#5 - Florida Panthers (11th in the Eastern Conference, 19th Overall) - This is the first team in the division that I think has a reasonable chance at the playoffs. They had the worst on-ice shooting percentage in the league during five-on-five play in 2013 (6.5%), so some improvement was bound to happen, but "a reasonable chance at the playoffs" isn't something I would've said even three weeks ago. Then training camps got going and the Panthers improved more during camp than most teams did through all of free agency. Tom Gilbert is a respectable top-four defender, Brad Boyes is a respectable top-nine winger, and Tim Thomas might still be one of the five best goaltenders in the game. If he is, this team makes the playoffs, and I've way underestimated their performance. If he's not (and also doesn't completely implode), then I think this is about where the Panthers will finish... which is actually kind of odd. I mean, I commend Dale Tallon for trying to put the best possible team on the ice, but I've got to think that 19th overall is close to the worst possible outcome for him: no playoffs and no star-level draft pick come June. I know that their prospect pool is very, very deep, but this kind of late off-season charge for respectability makes Florida's September the most interesting of any team in the NHL. Goal Differential Prediction: -12 (Change from 2013: +89)
#4 - Ottawa Senators (6th in the Eastern Conference, 10th Overall) - Last year's Ottawa Senators were ravaged by injuries to key players: Erik Karlsson, Milan Michalek, and Jared Cowen all missed significant time. And yet the Senators persevered, putting together a "Fenwick Close" percentage of 52.0% despite the missing pieces. The fact that they had one of the worst on-ice shooting percentages during five-on-five play (6.6%) was made up for by incredible goaltending, especially from returning starter Craig Anderson. I believe that Anderson will continue to deliver strong play in net, and that his probable step back this year will only be a small one, and that it will be more than offset by a rise in the team's shooting percentage. I'm not sure how they'll respond to the loss of Daniel Alfredsson--Bobby Ryan is a very good player, but he doesn't have the history of possession dominance that Alfredsson does--but I nevertheless see this team making the playoffs quite comfortably. Goal Differential Prediction: +19 (Change from 2013: -2)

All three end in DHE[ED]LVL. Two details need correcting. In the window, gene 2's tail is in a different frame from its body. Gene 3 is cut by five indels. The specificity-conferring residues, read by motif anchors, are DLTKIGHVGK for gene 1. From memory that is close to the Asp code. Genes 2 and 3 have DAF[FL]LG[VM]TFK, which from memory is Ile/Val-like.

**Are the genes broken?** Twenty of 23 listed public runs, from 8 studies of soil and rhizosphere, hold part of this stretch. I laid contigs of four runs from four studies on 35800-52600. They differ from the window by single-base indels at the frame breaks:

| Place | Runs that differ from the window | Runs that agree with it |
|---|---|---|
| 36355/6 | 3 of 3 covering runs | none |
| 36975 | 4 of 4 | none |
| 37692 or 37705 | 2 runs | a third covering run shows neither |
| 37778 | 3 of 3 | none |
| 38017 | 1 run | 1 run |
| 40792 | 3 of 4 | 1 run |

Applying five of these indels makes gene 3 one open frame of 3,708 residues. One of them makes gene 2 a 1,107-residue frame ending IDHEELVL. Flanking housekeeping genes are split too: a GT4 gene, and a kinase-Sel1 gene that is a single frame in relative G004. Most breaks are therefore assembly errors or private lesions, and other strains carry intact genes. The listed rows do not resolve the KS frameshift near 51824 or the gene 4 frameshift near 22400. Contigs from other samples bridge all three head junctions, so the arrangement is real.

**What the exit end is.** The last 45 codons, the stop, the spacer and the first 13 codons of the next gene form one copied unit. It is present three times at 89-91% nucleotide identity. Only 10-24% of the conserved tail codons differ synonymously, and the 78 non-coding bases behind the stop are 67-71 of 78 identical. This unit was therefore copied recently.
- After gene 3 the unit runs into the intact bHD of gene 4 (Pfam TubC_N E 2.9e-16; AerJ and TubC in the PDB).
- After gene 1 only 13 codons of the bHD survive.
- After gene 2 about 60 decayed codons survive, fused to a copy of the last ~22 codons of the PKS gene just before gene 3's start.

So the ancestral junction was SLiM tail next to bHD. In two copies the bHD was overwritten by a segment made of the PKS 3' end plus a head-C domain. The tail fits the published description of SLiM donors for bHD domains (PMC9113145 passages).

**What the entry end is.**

#3 - Montreal Canadiens (4th in the Eastern Conference, 8th Overall) - There have been very few substantive changes in Montreal from last season. Michael Ryder is out and Daniel Briere is in, but that change is pretty close to a wash. Other than that, the players are all a year older. For most of the club, that means probable improvement, but for players like Brian Gionta and Andrei Markov, a decline is eventually coming. Can they continue to be effective this season, and if not, are Montreal's young players ready to take on a larger role? I'm leaning toward "yes" on tha and my ranking of this team reflects that. My biggest hesitation in possibly putting them higher is their awful "Fenwick Close" percentage (46.8%) from 2011-12. Most Montreal fans will tell you that was on the coach, and that may be, but I'm hedging a bit here and have the Canadiens bleeding a little bit of last season's goal differential. It's a testament to the strength of the team that I can do that and still have them eighth overall. Goal Differential Prediction: +24 (Change from 2013: -15)
#2 - Detroit Red Wings (2nd in the Eastern Conference, 4th Overall) - The Red Wings have some absolutely filthy forward depth this year. Which I mean as a compliment. Yes, they lost Valtteri Filppula, but they replaced him with a better version in Stephen Weiss, and have brought in Daniel Alfredsson to replace the contributions of Damien Brunner. Both Alfredsson and Weiss are strong at both ends of the ice, and come to a team that has played a strong possession game since forever. Last year's team was among the league leaders in "Fenwick Close" percentage (53.9%), and if anything, I expect this team to be a little bit better. When Nicklas Lidstrom retired, I thought we might be seeing the beginning of the end for the Wings, but it didn't happen last year, and I don't think it happens this year either. Maybe when Datsyuk calls it quits. Or maybe Zetterberg. Or maybe Holland. Goal Differential Prediction: +35 (Change from 2013: +20)
#1 - Boston Bruins (1st in the Eastern Conference, 3rd Overall) - This team's prospect depth is absolutely atrocious, so when this club falls from elite status, it's probably going to be fast and hard. That fall isn't really going to happen this year. The departures of Rich Peverley and Nathan Horton make them less deep than they have been in the past, but much of the team that had the second best "Fenwick Close" percentage in the Eastern Conference last year (54.4%) is going to be back. Zdeno Chara, Patrice Bergeron, and David Krejci are all still playing at a very high level, and while I don't think Loui Eriksson represents upgrade on Tyler Seguin (especially long-term), he's not going to hurt them either. That core group should be able to carry a still strong supporting cast to another very good regular season record and possibly another division title. The three teams immediately below them are all very good, so it's not like the Bruins winning is a guarantee, but if I'm handicapping the race, I'll give the Bruins the edge because of their lengthy track record of excellent goaltending and strong possession numbers. Goal Differential Prediction: +35 (Change from 2013: -3)